10. The exhaust flap device as recited in claim 9, wherein, the flap housing further comprises a second coolant inlet and a second coolant outlet, the heat exchanger housing further comprises a heat exchanger coolant outlet and a heat exchanger coolant inlet, the second coolant inlet of the flap housing is connected with the heat exchanger coolant outlet of the heat exchanger housing, and the heat exchanger coolant inlet of the heat exchanger housing is connected with the second coolant outlet of the flap housing.

11. The exhaust flap device as recited in claim 10, further comprising a partition wall, the partition wall being arranged between the second coolant inlet of the flap housing and the second coolant outlet of the flap housing.

12. The exhaust flap device as recited in claim 9, further comprising a flange connection, wherein the flap housing is fastened to the heat exchanger housing via the flange connection.

Description:

CROSS REFERENCE TO PRIOR APPLICATIONS

This application is a U.S. National Phase application under 35 U.S.C. §371 of International Application No. PCT/EP2013/055422, filed on Mar. 15, 2013 and which claims benefit to German Patent Application No. 10 2012 103 374.9, filed on Apr. 18, 2012. The International Application was published in German on Oct. 24, 2013 as WO 2013/156221 A1 under PCT Article 21(2).

FIELD

The present invention relates to an exhaust flap device for an internal combustion engine, comprising a flap housing, in which a duct through which exhaust gas flows is formed, an exhaust flap, which is arranged rotatably in the exhaust duct and is supported in the flap housing, an actuator having an actuator housing and an electric motor, by means of which the exhaust flap can be driven, and a coolant duct, which is formed in the flap housing and at least partially surrounds the exhaust flap.

BACKGROUND

Such exhaust flap devices can be used in the field of exhaust gas recirculation, heat recovery, or as exhaust brakes for the increase of differential pressure. High demands are posed on these exhaust flap devices to provide functional reliability due to the high temperatures. In this regard, both the flap body itself with its bearing and the actuator for driving the flap must be designed for this thermal stress. For this reason, use is often made either of temperature-insensitive actuators, such as vacuum actuators, for driving such flaps, or the actuator is arranged at a sufficient distance from the hot exhaust gas. Bearings with high thermal load capacities, such as, for example, ceramic bearings are additionally used to support the flap shaft.

The use of low-cost materials and of electromotively driven actuators is made possible by the fact that the flap housing is cooled and the actuator is thermally separated from the flap housing.

DE 602 08 832 T2 describes an exhaust gas recirculation device in which a flap body for controlling the exhaust gas flow is arranged upstream of a heat exchanger. The housing of the exhaust flap is provided with a coolant jacket which is in fluid communication with the coolant jacket of the heat exchanger via a coolant. The actuator of the flap is fastened on the outside of the housing and is thermally separated from the exhaust gas duct by means of the coolant jacket.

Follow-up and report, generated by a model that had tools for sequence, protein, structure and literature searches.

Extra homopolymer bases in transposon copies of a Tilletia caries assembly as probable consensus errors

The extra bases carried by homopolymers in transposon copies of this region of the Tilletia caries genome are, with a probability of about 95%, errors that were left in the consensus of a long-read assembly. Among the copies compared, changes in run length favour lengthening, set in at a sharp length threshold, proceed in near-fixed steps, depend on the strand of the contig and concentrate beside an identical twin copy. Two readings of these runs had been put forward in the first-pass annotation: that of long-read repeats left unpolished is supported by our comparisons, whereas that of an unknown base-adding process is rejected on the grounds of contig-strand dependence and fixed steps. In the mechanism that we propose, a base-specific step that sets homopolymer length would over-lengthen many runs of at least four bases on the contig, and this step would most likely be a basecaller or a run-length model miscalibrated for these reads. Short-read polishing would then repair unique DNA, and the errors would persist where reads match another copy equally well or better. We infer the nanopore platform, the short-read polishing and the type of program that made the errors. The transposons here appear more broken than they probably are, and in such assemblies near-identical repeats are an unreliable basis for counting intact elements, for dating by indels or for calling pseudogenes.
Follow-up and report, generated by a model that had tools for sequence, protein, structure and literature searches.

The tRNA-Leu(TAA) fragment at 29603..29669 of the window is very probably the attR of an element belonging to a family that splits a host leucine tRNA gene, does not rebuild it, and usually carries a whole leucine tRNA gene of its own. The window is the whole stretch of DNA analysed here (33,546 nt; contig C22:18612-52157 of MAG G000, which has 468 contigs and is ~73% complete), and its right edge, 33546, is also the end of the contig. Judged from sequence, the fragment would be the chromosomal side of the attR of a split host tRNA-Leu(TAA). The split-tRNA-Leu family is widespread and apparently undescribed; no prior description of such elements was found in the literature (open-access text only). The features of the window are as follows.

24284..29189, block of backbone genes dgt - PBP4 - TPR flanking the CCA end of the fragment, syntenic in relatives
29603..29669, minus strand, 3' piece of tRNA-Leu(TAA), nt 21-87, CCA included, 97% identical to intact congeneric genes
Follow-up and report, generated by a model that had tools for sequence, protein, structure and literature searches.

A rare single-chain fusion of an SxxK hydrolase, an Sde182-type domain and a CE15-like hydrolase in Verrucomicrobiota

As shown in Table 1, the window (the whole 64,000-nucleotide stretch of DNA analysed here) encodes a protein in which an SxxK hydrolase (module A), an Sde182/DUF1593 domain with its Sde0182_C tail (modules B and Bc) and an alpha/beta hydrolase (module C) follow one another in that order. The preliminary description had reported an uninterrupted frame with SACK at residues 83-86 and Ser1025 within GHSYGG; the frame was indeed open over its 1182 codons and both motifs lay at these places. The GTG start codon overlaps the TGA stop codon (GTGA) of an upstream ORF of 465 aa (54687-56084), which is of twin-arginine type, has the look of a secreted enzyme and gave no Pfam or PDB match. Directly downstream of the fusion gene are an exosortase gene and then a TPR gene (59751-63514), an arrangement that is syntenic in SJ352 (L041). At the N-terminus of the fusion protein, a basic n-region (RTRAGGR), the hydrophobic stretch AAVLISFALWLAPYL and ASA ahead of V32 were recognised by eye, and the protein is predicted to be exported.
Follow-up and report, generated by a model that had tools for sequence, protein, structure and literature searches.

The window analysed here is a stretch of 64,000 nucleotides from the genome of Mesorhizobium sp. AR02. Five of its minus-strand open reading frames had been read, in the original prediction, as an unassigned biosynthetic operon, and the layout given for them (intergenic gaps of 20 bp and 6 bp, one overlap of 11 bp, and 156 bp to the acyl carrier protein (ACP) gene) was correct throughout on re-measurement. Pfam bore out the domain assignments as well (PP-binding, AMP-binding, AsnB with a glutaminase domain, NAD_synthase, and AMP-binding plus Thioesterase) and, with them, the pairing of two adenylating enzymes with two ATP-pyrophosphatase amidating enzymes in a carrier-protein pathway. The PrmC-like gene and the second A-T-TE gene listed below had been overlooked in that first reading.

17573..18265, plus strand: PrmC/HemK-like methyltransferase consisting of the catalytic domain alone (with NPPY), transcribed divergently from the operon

An exhaust gas recirculation device with a double flap is also described in DE 10 2006 054 041 B3 which is driven by an electric motor that is surrounded by a spiral-shaped coolant duct. No cooling of the flaps is provided.

EP 1 420 158 A2 describes an exhaust gas recirculation device in which an electric motor and a flap driven by the electric motor are arranged in a common housing. The flap is surrounded by a coolant duct, wherein one of the cooling ducts is arranged between the flap and the electric motor.

The cooling of these known devices is, however, often insufficient so that excessive thermal stress on the bearings, the electric motor, or the electronics of the electric motor occurs. Eddy water areas with insufficient flow are further not avoided, which also reduces the cooling effect.

SUMMARY

An aspect of the present invention is to provide an exhaust flap device which provides for a good cooling of the flap, the bearings and the actuator. The assembly effort should thereby be as low as possible, with additional conduits being avoided.

In an embodiment, the present invention provides an exhaust flap device for an internal combustion engine which includes a flap housing and an actuator. The flap housing comprises an exhaust gas duct arranged in the flap housing. The exhaust gas duct is configured to have an exhaust gas flow there-through. An exhaust flap is arranged in the exhaust gas duct and is mounted in the flap housing. The exhaust flap is configured to rotate. A coolant duct is arranged in the flap housing so as to at least partially surround the exhaust flap. The actuator comprises an electric motor and an actuator housing which comprises an actuator coolant duct. The actuator is configured to drive the exhaust flap. The coolant duct arranged in the flap housing is configured to be in a direct fluid communication with the actuator coolant duct.

BRIEF DESCRIPTION OF THE DRAWINGS

The present invention is described in greater detail below on the basis of embodiments and of the drawings in which:

FIG. 1 shows a sectional front view of an exhaust flap device of the present invention;

FIG. 2 shows a detail of a sectional side elevational view of the exhaust gas flap of the present invention shown in FIG. 1; and

FIG. 3 shows a side view of the exhaust flap device of the present invention of FIG. 1, shown in top plan view.

DETAILED DESCRIPTION

Because the coolant duct in the flap housing is in immediate fluid communication with a coolant duct in the actuator housing, a closed coolant circuit is formed, whereby it is possible to not only cool the flaps and the bearings in the flap housing, but to also directly cool the electric motor and the control unit of the actuator. Due to the immediate connection, this is effected without additional conduits so that the assembly effort is minimized.